Dealing With the Debt Collector Advice

MINNEAPOLIS, March 2, 2015 /PRNewswire-USNewswire/ — Have you ever been contacted by a debt collector? If the answer is yes, you are not alone.

According to the Federal Reserve, the total amount of consumer debt in the United States now exceeds $13.4 trillion. Based on a recent study by Ernst & Young, third-party debt collectors recovered $55 billion in 2013 on behalf of creditor, healthcare, government and other clients.

No one likes to get a debt collection call or piece of mail, but those who neglect to pay their bills harm everyone.

Whether a mortgage, medical bill, student loan, auto loan or credit card debt; the repayment of consumer and business credit is vital to the national, state and local economies.

“Engaging third party debt collectors to recover these debts helps organizations survive; prevents layoffs; keeps cost down and credit, goods and services available; and reduces the need for tax increase,” ACA International CEO Pat Morris said. “It’s not only the non-profit and private sectors that benefit from debt collection. Federal, state, and local government also rely on the repayment of billions of taxpayer owed dollars in delinquencies including uncollected court fees, unpaid taxes, library fines, and traffic tickets.”

But what if you are contacted by someone claiming that you owe a debt, and you’re not so sure? Debt collection is one of the most highly regulated industries, and you, the consumer, have rights and protections under the law. The Federal Trade Commission’s National Consumer Protection Week, March 1-7, 2015, is a good time to encourage consumers to visit AskDoctorDebt.org for information to better understand debt collection and consumer rights.

Here are a few of the important rights and protections that consumers have under federal and state laws:

Respect. Expect to be treated respectfully. Consumers cannot be harassed, threatened with actions by a debt collector that they don’t intend to take, or be subjected to profanity and vulgar language.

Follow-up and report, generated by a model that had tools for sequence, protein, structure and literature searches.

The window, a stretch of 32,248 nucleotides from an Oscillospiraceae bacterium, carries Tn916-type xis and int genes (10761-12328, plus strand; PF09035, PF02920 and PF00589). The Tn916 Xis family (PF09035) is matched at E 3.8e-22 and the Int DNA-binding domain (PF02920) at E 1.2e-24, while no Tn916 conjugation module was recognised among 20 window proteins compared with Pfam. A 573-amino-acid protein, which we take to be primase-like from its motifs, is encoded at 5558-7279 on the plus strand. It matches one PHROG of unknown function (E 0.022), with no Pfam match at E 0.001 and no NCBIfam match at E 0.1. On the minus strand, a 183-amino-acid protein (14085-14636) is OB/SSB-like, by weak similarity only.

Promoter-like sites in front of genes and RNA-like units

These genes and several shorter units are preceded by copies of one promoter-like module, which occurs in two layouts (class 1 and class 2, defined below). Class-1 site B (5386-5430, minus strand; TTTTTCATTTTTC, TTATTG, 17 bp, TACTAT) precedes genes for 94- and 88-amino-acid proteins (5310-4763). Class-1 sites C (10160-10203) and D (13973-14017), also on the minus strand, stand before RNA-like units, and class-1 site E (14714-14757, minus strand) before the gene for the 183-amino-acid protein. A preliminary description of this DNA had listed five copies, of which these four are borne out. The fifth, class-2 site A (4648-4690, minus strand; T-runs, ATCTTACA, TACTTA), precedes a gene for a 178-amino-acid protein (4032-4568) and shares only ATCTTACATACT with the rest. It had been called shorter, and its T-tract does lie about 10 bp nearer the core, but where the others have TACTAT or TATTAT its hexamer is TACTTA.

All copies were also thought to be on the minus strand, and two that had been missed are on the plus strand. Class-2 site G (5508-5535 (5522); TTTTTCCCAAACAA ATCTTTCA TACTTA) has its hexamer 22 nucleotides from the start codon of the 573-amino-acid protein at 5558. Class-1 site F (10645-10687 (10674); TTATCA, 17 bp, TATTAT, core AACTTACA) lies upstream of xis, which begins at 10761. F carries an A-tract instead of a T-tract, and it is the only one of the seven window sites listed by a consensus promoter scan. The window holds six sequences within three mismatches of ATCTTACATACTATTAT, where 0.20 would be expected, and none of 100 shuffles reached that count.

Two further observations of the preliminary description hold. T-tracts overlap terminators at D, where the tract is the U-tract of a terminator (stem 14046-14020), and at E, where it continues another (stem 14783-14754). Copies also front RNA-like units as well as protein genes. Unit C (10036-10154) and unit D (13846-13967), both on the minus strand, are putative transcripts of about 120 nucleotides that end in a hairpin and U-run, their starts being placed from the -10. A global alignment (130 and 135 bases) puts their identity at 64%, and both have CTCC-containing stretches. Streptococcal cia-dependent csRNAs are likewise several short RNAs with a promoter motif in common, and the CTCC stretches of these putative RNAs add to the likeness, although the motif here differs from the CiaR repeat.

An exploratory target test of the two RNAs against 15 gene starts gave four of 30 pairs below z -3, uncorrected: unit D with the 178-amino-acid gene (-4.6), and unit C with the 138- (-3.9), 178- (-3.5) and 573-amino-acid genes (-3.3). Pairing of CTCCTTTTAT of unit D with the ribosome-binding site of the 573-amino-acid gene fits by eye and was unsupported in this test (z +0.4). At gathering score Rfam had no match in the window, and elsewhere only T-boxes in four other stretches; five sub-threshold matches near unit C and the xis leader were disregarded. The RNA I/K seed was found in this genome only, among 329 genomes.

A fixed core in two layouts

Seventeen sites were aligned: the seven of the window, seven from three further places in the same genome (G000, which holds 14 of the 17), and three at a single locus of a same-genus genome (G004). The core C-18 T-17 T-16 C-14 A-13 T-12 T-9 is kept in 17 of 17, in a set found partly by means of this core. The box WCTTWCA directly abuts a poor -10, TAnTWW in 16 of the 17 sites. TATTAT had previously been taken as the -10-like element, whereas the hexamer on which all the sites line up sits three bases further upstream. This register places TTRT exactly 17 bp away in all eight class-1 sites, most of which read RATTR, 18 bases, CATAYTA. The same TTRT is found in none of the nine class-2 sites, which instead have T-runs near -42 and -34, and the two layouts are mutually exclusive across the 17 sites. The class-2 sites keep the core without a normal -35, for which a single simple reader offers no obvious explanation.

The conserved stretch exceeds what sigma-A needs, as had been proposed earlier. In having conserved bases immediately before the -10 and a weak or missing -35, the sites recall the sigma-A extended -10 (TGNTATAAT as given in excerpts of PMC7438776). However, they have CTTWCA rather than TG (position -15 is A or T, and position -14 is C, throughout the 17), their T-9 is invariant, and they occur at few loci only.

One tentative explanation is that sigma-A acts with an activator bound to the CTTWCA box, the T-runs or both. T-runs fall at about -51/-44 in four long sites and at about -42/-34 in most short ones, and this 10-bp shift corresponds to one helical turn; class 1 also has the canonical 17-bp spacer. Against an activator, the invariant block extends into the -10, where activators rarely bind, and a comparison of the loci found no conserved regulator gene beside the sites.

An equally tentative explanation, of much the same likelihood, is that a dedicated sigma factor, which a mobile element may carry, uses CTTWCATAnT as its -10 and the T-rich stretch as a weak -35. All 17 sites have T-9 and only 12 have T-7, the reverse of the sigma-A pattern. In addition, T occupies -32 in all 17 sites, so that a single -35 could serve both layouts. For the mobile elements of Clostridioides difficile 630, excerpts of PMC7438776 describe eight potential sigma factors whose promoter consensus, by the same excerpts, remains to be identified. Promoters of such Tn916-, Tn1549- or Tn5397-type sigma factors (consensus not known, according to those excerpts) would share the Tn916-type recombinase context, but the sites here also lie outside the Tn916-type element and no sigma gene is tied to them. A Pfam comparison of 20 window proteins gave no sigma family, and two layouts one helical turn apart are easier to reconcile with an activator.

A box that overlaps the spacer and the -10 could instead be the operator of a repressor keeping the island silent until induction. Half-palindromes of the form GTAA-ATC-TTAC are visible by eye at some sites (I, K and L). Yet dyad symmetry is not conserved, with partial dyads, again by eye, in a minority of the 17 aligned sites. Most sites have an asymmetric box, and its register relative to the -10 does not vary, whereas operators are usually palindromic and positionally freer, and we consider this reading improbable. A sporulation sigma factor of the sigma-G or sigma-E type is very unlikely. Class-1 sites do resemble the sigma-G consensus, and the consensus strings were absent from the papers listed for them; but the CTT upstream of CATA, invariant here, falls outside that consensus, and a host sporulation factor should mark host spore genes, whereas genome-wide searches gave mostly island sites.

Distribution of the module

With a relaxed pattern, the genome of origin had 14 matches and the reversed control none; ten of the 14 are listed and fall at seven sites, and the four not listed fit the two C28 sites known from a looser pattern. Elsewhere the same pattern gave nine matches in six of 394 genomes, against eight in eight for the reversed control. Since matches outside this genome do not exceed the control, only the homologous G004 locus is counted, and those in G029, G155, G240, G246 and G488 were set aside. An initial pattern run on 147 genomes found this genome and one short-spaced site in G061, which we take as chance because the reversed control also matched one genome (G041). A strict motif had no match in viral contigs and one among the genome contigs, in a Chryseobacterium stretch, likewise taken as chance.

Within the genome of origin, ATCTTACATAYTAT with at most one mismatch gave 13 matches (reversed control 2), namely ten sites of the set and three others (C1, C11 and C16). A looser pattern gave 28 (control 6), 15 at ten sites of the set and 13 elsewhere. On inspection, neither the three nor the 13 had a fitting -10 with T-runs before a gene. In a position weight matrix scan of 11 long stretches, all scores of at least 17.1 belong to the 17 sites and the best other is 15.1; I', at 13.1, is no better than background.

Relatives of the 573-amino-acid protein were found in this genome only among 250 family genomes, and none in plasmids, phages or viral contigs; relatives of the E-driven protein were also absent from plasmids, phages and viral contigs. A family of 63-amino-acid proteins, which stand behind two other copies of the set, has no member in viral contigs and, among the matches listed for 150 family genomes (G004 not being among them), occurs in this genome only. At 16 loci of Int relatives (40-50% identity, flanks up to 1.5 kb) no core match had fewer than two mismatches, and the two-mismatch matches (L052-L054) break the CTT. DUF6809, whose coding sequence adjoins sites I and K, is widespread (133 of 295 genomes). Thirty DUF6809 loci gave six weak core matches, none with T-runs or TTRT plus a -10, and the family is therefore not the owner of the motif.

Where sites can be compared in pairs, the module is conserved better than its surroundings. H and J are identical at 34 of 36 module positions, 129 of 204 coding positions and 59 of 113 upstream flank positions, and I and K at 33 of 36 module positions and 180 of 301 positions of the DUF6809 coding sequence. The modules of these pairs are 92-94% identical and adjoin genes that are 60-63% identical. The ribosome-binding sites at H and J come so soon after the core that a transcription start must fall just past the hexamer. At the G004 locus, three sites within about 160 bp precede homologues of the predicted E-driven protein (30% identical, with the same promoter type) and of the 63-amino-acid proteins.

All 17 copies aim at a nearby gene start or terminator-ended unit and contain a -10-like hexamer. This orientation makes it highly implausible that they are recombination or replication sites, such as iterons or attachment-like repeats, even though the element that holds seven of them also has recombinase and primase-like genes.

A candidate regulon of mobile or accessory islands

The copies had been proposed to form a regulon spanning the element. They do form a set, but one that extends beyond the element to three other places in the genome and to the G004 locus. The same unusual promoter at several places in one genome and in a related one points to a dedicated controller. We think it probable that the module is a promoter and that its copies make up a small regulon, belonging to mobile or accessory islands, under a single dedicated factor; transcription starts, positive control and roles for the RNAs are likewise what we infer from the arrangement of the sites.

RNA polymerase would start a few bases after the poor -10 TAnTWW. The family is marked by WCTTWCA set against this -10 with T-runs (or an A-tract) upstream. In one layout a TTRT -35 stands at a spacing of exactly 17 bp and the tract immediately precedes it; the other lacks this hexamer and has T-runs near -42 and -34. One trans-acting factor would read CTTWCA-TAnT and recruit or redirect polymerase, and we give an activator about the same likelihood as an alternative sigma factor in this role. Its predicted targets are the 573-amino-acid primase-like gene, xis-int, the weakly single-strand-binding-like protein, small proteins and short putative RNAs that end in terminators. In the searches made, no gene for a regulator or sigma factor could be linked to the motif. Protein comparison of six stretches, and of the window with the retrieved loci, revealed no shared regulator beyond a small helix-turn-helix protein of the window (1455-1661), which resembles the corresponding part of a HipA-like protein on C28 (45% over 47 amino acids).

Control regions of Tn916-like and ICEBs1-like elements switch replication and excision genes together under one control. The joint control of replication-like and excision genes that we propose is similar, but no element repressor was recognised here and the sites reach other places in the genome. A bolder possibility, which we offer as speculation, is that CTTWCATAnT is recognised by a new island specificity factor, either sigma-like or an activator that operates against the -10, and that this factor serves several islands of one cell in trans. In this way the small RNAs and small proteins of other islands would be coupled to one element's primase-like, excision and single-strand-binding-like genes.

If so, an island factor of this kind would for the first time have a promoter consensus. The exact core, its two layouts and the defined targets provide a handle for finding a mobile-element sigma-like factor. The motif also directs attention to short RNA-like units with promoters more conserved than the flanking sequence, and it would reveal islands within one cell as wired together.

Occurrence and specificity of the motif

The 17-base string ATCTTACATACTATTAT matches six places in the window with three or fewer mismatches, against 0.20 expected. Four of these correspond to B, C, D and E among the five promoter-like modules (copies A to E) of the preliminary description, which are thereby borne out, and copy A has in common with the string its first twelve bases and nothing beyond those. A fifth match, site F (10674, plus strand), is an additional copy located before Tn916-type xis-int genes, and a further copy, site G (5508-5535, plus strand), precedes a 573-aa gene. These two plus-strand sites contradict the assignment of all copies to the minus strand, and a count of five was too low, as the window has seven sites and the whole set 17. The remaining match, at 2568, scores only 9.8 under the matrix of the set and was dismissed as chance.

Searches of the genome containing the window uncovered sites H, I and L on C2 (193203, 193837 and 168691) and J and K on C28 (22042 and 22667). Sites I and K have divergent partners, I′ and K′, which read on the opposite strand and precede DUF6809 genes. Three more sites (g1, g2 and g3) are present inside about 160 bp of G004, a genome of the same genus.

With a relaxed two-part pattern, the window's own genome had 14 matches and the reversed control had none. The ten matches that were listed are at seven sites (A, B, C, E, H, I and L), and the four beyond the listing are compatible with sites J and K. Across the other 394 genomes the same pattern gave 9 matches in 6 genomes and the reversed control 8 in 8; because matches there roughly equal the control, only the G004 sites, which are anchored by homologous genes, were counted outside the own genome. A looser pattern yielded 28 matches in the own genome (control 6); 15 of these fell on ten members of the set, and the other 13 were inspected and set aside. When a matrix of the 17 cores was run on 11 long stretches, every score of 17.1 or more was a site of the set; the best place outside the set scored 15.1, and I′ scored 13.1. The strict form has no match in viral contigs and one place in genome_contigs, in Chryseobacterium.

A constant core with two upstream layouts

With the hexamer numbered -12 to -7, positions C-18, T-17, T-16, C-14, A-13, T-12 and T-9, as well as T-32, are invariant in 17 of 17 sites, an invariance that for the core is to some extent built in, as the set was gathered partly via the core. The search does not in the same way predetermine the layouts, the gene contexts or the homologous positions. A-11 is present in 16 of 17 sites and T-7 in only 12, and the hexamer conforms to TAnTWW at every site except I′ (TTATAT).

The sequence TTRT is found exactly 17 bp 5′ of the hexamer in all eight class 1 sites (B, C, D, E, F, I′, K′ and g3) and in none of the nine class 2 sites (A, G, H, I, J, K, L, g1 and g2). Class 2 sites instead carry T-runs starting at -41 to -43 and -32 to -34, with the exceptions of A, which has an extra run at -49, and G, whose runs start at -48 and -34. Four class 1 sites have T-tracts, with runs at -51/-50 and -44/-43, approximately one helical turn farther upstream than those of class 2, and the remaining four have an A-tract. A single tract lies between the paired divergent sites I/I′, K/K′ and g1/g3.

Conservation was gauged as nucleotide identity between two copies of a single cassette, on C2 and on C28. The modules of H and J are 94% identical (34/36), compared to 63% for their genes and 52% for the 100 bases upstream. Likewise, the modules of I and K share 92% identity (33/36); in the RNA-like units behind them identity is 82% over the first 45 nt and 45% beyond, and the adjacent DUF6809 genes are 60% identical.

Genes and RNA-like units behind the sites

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Identify. Ask for identification. Debt collectors cannot call anonymously nor can they present themselves as representing a government entity. When contacted, collectors must identify themselves and the name of the agency they represent.

Communicate. Consumers can ask to cease all communication or ignore attempted contacts. However, avoiding contact with a creditor or debt collector will not erase a debt. Communicate to discuss the account, verify its accuracy and work on a plan for resolution. If you don’t owe the debt, communicating with them can help put a stop to calls or letters. Not communicating may lead to potentially non-consumer friendly activities such as credit reporting or legal action.

Validate. Collectors are not interested in pursuing a debt that is not owed. By law, the collector must inform you of your right to dispute the debt and request written verification if requested. Once sought, all collection activity stops until this proof is provided.

Protect. Do not confirm or provide sensitive personal information (e.g., Social Security number, credit card numbers, and bank accounts) until certain of the authenticity of the debt and the person collecting.

Morris added that debt collectors are not an enemy of consumers. ACA members are working with regulators, Congress and state leaders to ensure a balanced debt collection system that protects consumer rights and allows the legitimate collection of debt to function.

ACA International (www.acainternational.org) is the comprehensive, knowledge-based resource for the credit and collection industry. Founded in 1939, ACA brings together nearly 4,000 members in the United States and abroad, and their more than 230,000 employees, including third-party collection agencies, asset buyers, attorneys, creditors and vendor affiliates.


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Steve Rhode is the Get Out of Debt Guy and has been helping good people with bad debt problems since 1994. You can learn more about Steve, here.
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